Fun fact: Colm Wilkinson, the man who plays the bishop in the movie, is the original Jean Valjean! So of course he's fantastic. :)

The Story
Remember when I said the lyric changes were almost the only problem? Well here's my other one: They messed up the Marius/Cosette/Eponine storyline! And that, my friends, is just one timeline you do not mess with. Gah. If they had to change anything, I wish they could have had Marius—or at least an apparition of him—with Eponine for "On My Own." I always wanted to give her that.

P.S. — I finally watched the trailer, and I'm glad I didn't see it beforehand. The song sounds a little weak when you can't see Anne Hathaway singing it.

Have you seen Les Mis? Do you plan to? Are you a fan of the musical production?

7 comments:

Sweet Green Tangerine said...

Enroljas was a character that I never gave much thought to before, but this guy brought SO much to this character! He was an instant favorite of mine. I'm glad you liked it, but I mean, what's not to like??
I also felt that Anne Hathaway made I Dreamed A Dream...a song that I didn't care much for before. Ugh, the whole thing was just too good. I want to go see it again so bad!

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Colette said...

I loooooooooooooooooved the movie. My friend and I saw it on New Year's Eve Day. When it was over, I told her "I almost feel guilty for crying more during this than I did during the play." Everything with Gavroche? Killed me. KILLED me.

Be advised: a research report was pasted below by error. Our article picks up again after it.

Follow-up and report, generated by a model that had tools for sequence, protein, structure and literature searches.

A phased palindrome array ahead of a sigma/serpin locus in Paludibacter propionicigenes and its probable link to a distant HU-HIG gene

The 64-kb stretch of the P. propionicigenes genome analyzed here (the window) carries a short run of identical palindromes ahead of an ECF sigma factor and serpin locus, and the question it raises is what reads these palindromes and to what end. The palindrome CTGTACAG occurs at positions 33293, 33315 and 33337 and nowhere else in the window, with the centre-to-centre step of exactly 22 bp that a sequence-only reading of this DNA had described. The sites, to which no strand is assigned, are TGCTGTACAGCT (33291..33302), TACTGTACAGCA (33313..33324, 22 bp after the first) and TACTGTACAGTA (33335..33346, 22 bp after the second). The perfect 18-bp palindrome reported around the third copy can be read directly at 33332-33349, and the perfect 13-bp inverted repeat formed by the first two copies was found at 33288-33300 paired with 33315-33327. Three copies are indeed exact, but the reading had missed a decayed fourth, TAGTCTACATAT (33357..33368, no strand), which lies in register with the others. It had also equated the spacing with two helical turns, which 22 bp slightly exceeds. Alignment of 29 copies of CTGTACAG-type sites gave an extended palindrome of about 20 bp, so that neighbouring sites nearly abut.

I totally agree about Enroljas. I wasn't as won over by Javert, but I kinda hate Russell Crowe anyway...

Annie Fyfe said...

I loved Marius, usually he is such a weird role but Eddie Redmayne did such a great job, he was the biggest surprise for me! I knew I would love Aaron Tveit, since I've loved him since he was in the musical Next to Normal (highly recomend you check out the music from that show!).

I wasn't a fan of Russell Crowe, but I think Amanda Seyfried takes the award for worst signer in the cast, her voice was obviously weaker than everyone else's.

What did you think of the new song they put in? Going into it, I thought I would hate it, but it actually wasn't too bad.

I've finally decided to actually read the book, I've started it a few times, but this time I'm determined!

Whitney said...

My husband actually would agree with you on the lyric thing! They changed a lyric in "At the End of the Day" too. They changed "winter" to "plague" in the first verse. Makes no sense since the whole verse is about it being cold! Marius was great. Eddie had an amazing voice and he seriously made me cry with "Empty Chairs and Empty Tables." (Can you tell I've turned into a Les Mis nerd over the past few months?! lol!)

I do have to disagree with you about one thing though: we saw the stage play in November and I thought the movie explained things a lot better. I was pretty lost during the play =X

Jyndia said...

Loved the film and agree it was better than the trailer had portrayed it to be! Thanks for the recap on the film... so. damn. amazing!!!

New follower, found you over at The Book of Meghan!